Wednesday, September 25th @ 7PM
Chappaqua Performing Arts Center
Screening of the film “From Paris to Pittsburgh”
From coastal cities to America’s heartland, Paris to Pittsburgh celebrates how Americans are demanding and developing real solutions in the face of climate change.
Hosted by the Chappaqua Library and the Town of New Castle. Co-sponsored by Bedford Audubon, BRSS Audubon, Central Westchester Audubon, Hudson River Audubon, Orange County Audubon, Putnam Highlands Audubon, Saw Mill River Audubon, Federated Conservationists of Westchester County, Films on Purpose.
Saturday, October 26th @ 9AM - 12:30PM
Westchester County Center
Climate Change Boot Camp
Get up to speed on climate change, what you need to know, and what you can do. This Climate Change Boot Camp will focus on local effects of climate change and responses from local and regional government. Cost: $12 per person.
Co-sponsored by Bedford Audubon, BRSS Audubon, Central Westchester Audubon, Hudson River Audubon, Orange County Audubon, Putnam Highlands Audubon, Saw Mill River Audubon, Federated Conservationists of Westchester County.
Monday, October 28th @7pm
Tuckahoe Public Library
Elizabeth Cherry--For the Birds
Ph.D., University of Georgia
Master of Arts, University of Georgia
Bachelor of Arts, University of North Carolina at Wilmington
Dr. Elizabeth Cherry is an Associate Professor of Sociology and Anthropology at Manhattanville College in Purchase, NY. Her research focuses on culture and social movements, specifically in cultural analyses of social movements and social movement analyses of contentious subcultures. She is interested in the role culture plays in constraining and enabling collective action, as well as how activists attempt to change culture. Topically, she studies issues concerning animals, food, and the environment.
For the Birds offers readers a glimpse behind the binoculars and reveals birders to be important allies in the larger environmental conservation movement. With a wealth of data from in-depth interviews and over three years of observing birders in the field, environmental sociologist Elizabeth Cherry argues that birders learn to watch wildlife in ways that make an invaluable contribution to contemporary conservation efforts. She investigates how birders develop a “naturalist gaze” that enables them to understand the shared ecosystem that intertwines humans and wild animals, an appreciation that motivates them to participate in citizen science projects and wildlife conservation.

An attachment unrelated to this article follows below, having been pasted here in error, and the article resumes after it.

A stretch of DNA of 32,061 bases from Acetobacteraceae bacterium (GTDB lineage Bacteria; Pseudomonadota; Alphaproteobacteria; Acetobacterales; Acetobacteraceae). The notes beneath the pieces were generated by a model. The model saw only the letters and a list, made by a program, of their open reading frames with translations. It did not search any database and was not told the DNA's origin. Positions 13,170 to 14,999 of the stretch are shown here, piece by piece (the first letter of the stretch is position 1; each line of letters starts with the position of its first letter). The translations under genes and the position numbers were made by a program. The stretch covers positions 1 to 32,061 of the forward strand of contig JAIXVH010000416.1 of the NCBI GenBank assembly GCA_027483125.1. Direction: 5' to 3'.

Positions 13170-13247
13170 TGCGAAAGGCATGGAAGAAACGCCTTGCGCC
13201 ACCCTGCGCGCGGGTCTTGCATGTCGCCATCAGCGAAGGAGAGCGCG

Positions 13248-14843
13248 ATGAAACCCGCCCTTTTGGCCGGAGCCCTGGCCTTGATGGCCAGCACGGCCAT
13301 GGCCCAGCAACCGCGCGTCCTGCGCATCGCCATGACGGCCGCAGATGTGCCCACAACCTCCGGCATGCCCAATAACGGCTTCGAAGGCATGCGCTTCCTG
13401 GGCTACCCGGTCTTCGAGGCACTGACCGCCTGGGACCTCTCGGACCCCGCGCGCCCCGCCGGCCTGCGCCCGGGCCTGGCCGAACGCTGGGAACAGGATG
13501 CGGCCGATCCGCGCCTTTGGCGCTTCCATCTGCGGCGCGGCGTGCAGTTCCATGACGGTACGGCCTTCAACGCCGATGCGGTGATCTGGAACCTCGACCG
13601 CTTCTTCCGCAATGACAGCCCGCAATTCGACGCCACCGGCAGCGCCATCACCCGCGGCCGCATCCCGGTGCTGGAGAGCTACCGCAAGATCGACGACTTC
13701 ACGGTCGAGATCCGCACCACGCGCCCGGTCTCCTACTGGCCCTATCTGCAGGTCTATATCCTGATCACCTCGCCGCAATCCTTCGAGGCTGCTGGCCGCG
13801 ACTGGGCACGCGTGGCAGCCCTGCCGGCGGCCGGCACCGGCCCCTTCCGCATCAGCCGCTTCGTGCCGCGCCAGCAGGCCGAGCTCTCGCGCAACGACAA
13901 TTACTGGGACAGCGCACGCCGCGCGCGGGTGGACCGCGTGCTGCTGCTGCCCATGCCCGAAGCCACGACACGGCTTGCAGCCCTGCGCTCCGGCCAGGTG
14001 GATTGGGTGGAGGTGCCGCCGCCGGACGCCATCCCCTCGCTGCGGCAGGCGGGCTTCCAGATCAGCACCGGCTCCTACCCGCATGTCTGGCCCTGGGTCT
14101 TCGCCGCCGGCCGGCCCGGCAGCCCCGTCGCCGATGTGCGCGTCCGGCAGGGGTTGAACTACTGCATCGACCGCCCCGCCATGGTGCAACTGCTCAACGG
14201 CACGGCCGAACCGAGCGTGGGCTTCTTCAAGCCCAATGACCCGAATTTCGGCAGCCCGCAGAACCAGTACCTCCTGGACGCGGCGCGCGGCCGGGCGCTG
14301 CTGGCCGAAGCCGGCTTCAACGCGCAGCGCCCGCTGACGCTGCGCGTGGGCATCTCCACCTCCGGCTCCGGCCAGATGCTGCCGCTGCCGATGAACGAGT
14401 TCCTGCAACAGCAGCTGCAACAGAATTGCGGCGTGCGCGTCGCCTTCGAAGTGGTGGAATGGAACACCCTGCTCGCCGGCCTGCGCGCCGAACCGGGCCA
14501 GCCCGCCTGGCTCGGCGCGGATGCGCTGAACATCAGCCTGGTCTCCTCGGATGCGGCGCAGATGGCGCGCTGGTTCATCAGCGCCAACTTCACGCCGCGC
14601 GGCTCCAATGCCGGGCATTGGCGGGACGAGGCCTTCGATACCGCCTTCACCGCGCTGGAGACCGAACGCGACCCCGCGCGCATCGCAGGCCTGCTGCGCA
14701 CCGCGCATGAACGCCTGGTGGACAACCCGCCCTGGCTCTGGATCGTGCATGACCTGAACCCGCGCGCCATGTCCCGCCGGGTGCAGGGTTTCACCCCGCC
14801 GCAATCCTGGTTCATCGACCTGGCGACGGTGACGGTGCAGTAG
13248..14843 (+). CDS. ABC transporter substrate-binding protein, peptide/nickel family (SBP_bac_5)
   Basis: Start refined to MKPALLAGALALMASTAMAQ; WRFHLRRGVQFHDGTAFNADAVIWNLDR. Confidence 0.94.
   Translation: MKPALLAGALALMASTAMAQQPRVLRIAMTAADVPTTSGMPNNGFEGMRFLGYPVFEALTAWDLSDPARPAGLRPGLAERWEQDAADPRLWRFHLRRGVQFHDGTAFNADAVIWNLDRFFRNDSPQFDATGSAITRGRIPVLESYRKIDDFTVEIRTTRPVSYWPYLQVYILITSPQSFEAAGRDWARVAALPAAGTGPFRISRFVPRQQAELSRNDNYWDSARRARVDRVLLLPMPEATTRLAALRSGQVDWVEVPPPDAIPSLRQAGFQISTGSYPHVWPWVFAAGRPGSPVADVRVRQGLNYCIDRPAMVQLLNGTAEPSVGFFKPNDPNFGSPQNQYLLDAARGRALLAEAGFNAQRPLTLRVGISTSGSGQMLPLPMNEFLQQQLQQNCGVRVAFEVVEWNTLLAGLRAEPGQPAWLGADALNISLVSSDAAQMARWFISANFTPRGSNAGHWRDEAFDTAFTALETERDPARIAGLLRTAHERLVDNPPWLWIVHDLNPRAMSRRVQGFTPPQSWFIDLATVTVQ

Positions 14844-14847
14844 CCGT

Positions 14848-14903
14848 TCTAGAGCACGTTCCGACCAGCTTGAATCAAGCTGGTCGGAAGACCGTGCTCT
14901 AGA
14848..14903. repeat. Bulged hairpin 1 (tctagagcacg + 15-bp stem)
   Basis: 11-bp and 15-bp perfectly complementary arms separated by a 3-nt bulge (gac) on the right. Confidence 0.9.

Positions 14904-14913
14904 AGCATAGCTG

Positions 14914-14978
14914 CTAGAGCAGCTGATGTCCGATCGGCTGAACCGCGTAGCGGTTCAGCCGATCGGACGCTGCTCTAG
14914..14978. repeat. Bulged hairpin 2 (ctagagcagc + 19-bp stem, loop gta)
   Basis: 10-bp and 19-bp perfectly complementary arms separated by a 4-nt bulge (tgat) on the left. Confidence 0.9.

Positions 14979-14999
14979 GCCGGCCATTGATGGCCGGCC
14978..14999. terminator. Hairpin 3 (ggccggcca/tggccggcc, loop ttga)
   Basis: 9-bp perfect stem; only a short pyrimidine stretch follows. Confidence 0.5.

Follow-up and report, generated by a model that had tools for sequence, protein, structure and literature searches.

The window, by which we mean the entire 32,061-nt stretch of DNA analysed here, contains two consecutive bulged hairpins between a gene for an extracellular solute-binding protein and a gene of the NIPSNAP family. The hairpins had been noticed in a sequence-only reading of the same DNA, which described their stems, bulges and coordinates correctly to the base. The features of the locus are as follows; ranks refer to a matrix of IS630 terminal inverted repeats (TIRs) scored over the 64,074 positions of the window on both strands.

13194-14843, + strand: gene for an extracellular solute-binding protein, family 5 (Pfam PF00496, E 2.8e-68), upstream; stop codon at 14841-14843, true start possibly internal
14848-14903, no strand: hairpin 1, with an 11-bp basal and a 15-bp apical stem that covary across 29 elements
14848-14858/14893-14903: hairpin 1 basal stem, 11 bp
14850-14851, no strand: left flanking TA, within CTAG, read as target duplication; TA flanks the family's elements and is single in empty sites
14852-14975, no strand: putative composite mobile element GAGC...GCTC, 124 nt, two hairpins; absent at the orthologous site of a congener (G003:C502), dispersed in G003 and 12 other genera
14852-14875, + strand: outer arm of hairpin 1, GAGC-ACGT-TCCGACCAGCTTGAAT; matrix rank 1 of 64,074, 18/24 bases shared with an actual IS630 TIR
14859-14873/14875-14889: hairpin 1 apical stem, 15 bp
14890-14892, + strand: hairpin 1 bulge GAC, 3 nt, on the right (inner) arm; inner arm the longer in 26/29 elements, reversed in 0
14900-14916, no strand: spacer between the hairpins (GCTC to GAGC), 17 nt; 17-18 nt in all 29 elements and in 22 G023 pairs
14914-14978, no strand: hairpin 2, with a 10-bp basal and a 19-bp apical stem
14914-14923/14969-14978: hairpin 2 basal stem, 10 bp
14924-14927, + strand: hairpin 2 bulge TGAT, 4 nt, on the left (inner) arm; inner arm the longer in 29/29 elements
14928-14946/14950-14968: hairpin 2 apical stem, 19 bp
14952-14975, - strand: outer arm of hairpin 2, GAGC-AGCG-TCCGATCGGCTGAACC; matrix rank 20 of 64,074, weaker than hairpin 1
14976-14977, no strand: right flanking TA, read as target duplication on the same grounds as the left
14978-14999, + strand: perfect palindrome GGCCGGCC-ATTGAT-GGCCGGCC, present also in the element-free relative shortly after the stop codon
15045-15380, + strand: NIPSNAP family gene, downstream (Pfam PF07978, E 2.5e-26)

Wednesday, November 13th @7pm
Bronxville Public Library
George Amato--Endangered Species of North America
Yale University, Ph.D., 1994
Yale University, M.S.
Yale University, M.Phil.
University of Connecticut, B.S., 1978
Dr. Amato's current research interests include genetic threats associated with habitat fragmentation in endangered species, molecular ecology, taxonomic and phylogenetic questions related to determining units of conservation, using molecular markers for assessing priority areas for biodiversity conservation, non-invasive sampling techniques for endangered species and monitoring the trade in endangered species products using DNA based forensic science. Dr. Amato has participated in research activities worldwide, including research in Cuba, St. Vincent and the Grenadines, Madagascar, South Africa, Tanzania, Malaysia, China and Peru. He has published and lectured extensively on conservation strategies for endangered species and especially on using molecular analyses to determine conservation priorities.
Wednesday, January 15th @7pm
Eastchester Public Library
Jessica Schuler--Connecting Urban Youth to Nature through Citizen Science and Ecological Restoration
Jessica A. Schuler, Director of the Thain Family Forest at The New York Botanical Garden, is responsible for the management of the 50 acre, old growth urban Forest including ecological restoration and the development of education and research programs. She teaches about urban forest restoration, invasive species, and native plants. Jessica earned a BS in plant science with distinction in research from Cornell University, is an ISA-certified arborist and Certified Ecological Restoration Practitioner with the Society for Ecological Restoration. Jessica is an advocate for native plant conservation and ecological restoration.
The New York Botanical Garden is an advocate for the plant kingdom; this mission is achieved through three main program areas science, education, and horticulture. The Thain Family Forest program encompasses all three of these program areas through ongoing ecological restoration and monitoring work in the 50-acre urban, old-growth forest. Over the past 10 years, many youth programs have engaged in ecological restoration and monitoring work within the Forest. We find that the programs that include both a citizen science monitoring and hands-on restoration component are the most successful. Providing middle school and high school students with an authentic fieldwork experience, engaging them in data collection and allowing them to draw their own conclusions. This program model empowers students with the knowledge and ability to become environmental stewards. With more than 50% of the world’s population living in urban areas, the stakes are now at their highest to engage urban youth in nature and environmental stewardship. This talk will discuss the curriculum that NYBG has developed to monitor invasive plant species, water quality, and phenology to teach ecology and the importance of ecological restoration as a conservation practice to urban youth in New York City.